Leadbeater made London his home until 1909, though increasingly spending long periods of time on international lecture tours in the years 1896-1906 as his fame grew within the theosophical world, especially after the publication of his first books. By the turn of the century Leadbeater was recognized by many as one of the greatest theosophical authorities on psychic and occult phenomena. It was in the course of one of those lecture tours, however, that the problems arose which were temporarily to eclipse Leadbeater’s rising star. Letters were received early in 1906 by Annie Besant, with whom Leadbeater had established a close working relationship, from officials of the American Section of the TS and of the Esoteric School in America. They charged that the lecturer had immorally taught masturbation to boys approaching puberty, and demanded that he be expelled. Leadbeater admitted having so taught in a very small number of cases, defending the instruction on therapeutic and occult grounds. He was supported by Besant and others. But new information came out, including an incriminating letter in code to a boy. It was a time when Victorian attitudes toward “self-abuse,” quite different from those of today, prevailed in the minds of many. The aging International President, Olcott, was compelled to appoint an investigative committee, and after its work, including interviews with the subject, Leadbeater resigned from the Theosophical Society. He lived on the Continent including Italy and pursuing his occult investigations.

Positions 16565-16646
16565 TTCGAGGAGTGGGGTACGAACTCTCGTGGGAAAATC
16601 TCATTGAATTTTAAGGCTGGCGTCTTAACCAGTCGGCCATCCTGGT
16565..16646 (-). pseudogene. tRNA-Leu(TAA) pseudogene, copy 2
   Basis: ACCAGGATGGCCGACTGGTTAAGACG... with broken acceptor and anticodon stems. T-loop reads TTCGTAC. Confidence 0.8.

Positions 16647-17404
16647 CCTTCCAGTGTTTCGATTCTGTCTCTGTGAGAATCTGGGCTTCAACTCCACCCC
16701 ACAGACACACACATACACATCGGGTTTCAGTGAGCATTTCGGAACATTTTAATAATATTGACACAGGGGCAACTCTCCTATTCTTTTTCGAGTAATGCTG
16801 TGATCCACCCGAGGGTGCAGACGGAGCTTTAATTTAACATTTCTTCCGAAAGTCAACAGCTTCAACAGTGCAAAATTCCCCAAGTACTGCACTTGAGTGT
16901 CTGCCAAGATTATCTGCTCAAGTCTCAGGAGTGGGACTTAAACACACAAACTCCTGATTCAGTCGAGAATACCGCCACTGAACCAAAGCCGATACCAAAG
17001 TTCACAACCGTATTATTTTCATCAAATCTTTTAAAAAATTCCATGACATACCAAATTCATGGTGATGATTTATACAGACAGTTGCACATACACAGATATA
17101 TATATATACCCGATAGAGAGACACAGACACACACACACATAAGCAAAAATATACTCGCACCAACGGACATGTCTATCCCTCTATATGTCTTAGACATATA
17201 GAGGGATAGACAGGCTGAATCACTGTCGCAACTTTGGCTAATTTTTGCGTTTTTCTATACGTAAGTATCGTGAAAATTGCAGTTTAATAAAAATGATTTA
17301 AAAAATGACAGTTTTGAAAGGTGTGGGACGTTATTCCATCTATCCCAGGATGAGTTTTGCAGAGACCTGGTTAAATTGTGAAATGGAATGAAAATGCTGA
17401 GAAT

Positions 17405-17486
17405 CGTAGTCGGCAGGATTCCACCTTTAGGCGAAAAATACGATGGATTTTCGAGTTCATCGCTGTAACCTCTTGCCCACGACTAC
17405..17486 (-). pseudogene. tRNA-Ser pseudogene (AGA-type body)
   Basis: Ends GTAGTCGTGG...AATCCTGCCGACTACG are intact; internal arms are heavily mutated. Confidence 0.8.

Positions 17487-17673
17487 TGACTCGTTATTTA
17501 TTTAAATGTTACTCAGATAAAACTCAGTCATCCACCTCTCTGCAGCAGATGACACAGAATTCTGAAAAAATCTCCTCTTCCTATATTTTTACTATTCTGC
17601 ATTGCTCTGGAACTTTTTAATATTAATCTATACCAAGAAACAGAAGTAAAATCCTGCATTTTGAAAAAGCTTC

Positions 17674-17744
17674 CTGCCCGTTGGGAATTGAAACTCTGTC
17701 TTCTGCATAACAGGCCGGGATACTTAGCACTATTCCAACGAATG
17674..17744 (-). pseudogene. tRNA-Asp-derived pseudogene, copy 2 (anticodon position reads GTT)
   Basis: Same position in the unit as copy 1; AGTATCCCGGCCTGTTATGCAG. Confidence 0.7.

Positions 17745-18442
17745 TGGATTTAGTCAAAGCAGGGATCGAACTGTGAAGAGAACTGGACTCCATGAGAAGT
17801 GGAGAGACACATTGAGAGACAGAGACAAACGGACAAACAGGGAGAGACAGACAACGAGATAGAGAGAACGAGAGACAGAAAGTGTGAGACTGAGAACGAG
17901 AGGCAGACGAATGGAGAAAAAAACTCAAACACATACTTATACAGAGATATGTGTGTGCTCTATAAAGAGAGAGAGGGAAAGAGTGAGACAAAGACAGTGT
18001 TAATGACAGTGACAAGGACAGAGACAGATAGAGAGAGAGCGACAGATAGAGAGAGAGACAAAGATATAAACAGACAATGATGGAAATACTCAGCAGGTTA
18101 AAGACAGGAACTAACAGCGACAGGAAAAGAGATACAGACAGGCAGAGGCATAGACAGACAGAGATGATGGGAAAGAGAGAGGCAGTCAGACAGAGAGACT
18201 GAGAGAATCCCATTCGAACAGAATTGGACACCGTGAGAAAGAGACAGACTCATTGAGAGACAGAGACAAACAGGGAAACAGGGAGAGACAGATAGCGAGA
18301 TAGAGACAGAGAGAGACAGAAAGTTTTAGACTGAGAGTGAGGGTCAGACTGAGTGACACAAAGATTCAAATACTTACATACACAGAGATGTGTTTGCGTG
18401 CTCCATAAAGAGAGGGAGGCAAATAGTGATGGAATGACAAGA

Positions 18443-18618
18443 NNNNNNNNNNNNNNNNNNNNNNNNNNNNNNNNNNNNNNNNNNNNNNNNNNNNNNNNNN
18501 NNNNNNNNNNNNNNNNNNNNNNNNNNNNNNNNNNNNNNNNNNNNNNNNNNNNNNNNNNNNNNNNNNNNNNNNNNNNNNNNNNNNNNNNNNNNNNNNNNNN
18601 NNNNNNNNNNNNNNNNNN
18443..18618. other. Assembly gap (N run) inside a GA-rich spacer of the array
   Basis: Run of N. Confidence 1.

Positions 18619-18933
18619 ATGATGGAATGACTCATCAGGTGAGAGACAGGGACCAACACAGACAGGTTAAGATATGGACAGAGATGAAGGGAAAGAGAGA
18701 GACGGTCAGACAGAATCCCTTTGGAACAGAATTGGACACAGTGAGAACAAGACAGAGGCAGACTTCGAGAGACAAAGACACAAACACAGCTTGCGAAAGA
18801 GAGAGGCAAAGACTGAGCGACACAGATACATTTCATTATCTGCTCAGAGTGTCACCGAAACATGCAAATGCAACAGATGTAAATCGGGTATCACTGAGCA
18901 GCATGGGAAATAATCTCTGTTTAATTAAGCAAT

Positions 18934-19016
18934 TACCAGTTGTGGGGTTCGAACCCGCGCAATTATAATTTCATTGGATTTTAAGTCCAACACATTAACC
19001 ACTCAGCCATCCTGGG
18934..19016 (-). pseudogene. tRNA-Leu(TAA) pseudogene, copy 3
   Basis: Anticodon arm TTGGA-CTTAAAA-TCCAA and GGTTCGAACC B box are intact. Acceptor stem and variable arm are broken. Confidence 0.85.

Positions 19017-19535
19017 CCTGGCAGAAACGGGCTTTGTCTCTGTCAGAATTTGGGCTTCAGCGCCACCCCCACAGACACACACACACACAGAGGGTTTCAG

The hiatus in his Theosophical career was not to last long, however. In December 1908, after Besant had succeeded Olcott as President, the General Council of the Society, meeting during annual convention at the TS headquarters at Adyar, voted to reinstate Leadbeater. He returned to Adyar. During the next six years of residence and work there, in close association with the new President, Besant, he accomplished some of his most significant and remarkable work. It was in 1909 that he discovered the boy J. KRISHNAMURTI (1895-1986), becoming inwardly convinced that the boy might become the vehicle for the World Teacher, and leading to the messianic fervor that would sweep the Adyar theosophical world for the next twenty years. On January 11, 1910, it was said that the boy received initiation at night in his astral body. Later in 1910 Krishnamurti wrote about teachings which were to become a theosophical classic, At The Feet of the Master (1910). The same year the Order of the Star in the East was founded to promote the cause of the World Teacher.